Retro gadgets better seen than heard
By John Toth / Editor and Publisher
A few columns ago, I mentioned that I bought an 8-track player and some tapes for nostalgia’s sake. I never had one growing up, so I thought I would reward myself as a grown-up.
The verdict is in. These machines died out for a reason.
To follow up, I find myself playing digital music on my smartphone rather than using the 8-track. It is a great conversation piece, but the sound is pretty mediocre -- a lot mediocre.
The first thing the player did was eat one of my tapes. Granted, the cartridge did make some weird sounds after being inserted in the player, but there was no way to stop the feasting.
I pulled it out as quickly as I could. There was tape everywhere, and some remained stuck inside.
That’s not the point. I have most of the music already in my phone and backed up on the cloud. That’s the way I listen to music. But I wanted to experience that 1970s mood when we listened to records, 8-tracks and cassettes and wore bell-bottom jeans.
It was fun to explain to the kids how the 8-track works, and how the record needle picks up the vibrations from the plastic grooves, and sound comes out of the speakers. I have achieved at least that much, although I think they just pretended to care.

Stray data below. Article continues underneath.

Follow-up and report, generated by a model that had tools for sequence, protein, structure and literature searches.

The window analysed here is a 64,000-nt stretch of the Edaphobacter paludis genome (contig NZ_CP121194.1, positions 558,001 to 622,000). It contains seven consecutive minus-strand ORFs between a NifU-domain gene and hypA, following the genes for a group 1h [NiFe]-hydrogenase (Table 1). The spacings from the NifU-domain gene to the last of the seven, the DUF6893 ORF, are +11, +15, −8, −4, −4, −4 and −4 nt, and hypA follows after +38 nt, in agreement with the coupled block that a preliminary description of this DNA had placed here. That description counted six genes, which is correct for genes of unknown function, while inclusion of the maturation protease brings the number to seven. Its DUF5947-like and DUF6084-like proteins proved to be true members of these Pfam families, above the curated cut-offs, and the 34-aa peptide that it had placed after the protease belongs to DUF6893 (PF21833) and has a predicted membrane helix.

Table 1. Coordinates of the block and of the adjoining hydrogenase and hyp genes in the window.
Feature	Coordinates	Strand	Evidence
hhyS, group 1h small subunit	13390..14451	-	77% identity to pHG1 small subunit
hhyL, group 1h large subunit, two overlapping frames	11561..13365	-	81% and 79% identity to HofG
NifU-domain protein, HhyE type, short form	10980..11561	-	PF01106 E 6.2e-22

Go ahead and talk, old man, about your transistors, resistors and vibrations, they probably thought. Whatever.
Only one of the cartridges I just bought has been “eaten” so far. But there are many more. I bought a lot of them.
The point of buying the old 8-track was not the message (music), but the messenger (the player). After the original fascination wore off, the 8-track has gone mostly unnoticed, along with my turntables and USB cassette player.
Yes, somewhere in China, a company is manufacturing a USB cassette player for about $30. It allows for the transfer of cassettes to a computer file and digitizes the magnetic coding on the tape.
The company probably sold a lot of these to geeks like me, who use it once or twice and then put it away.
I also bought a USB turntable, which is actually pretty groovy (record has grooves). I also could have used the words cool, neat or krunk.
“Why would you get a USB compatible cassette player?” my brother-in-law asked when we were browsing through all my gadgets.
“It seemed like a good idea at the time,” I replied. “ I think I used it once.”
I tried to give it to him, but he would not accept it. He made up some excuse that he doesn’t have any use for it, but I know that he just felt guilty about taking this soon-to-be very rare gadget from me. He probably didn’t feel right about doing it, and I understand.
Dear reader, perhaps you can’t go home again, but you can recreate the way home used to be, with gadgets. But, it may not be all that exciting after the newness of that 40-year-old 8-track player wears off.
But, when the grandkids will be old enough to comprehend geek language, they will learn the way we used to play music and why it worked -- not so well as let’s say a music file inside their smartphone, but well enough to get us through the 1970s.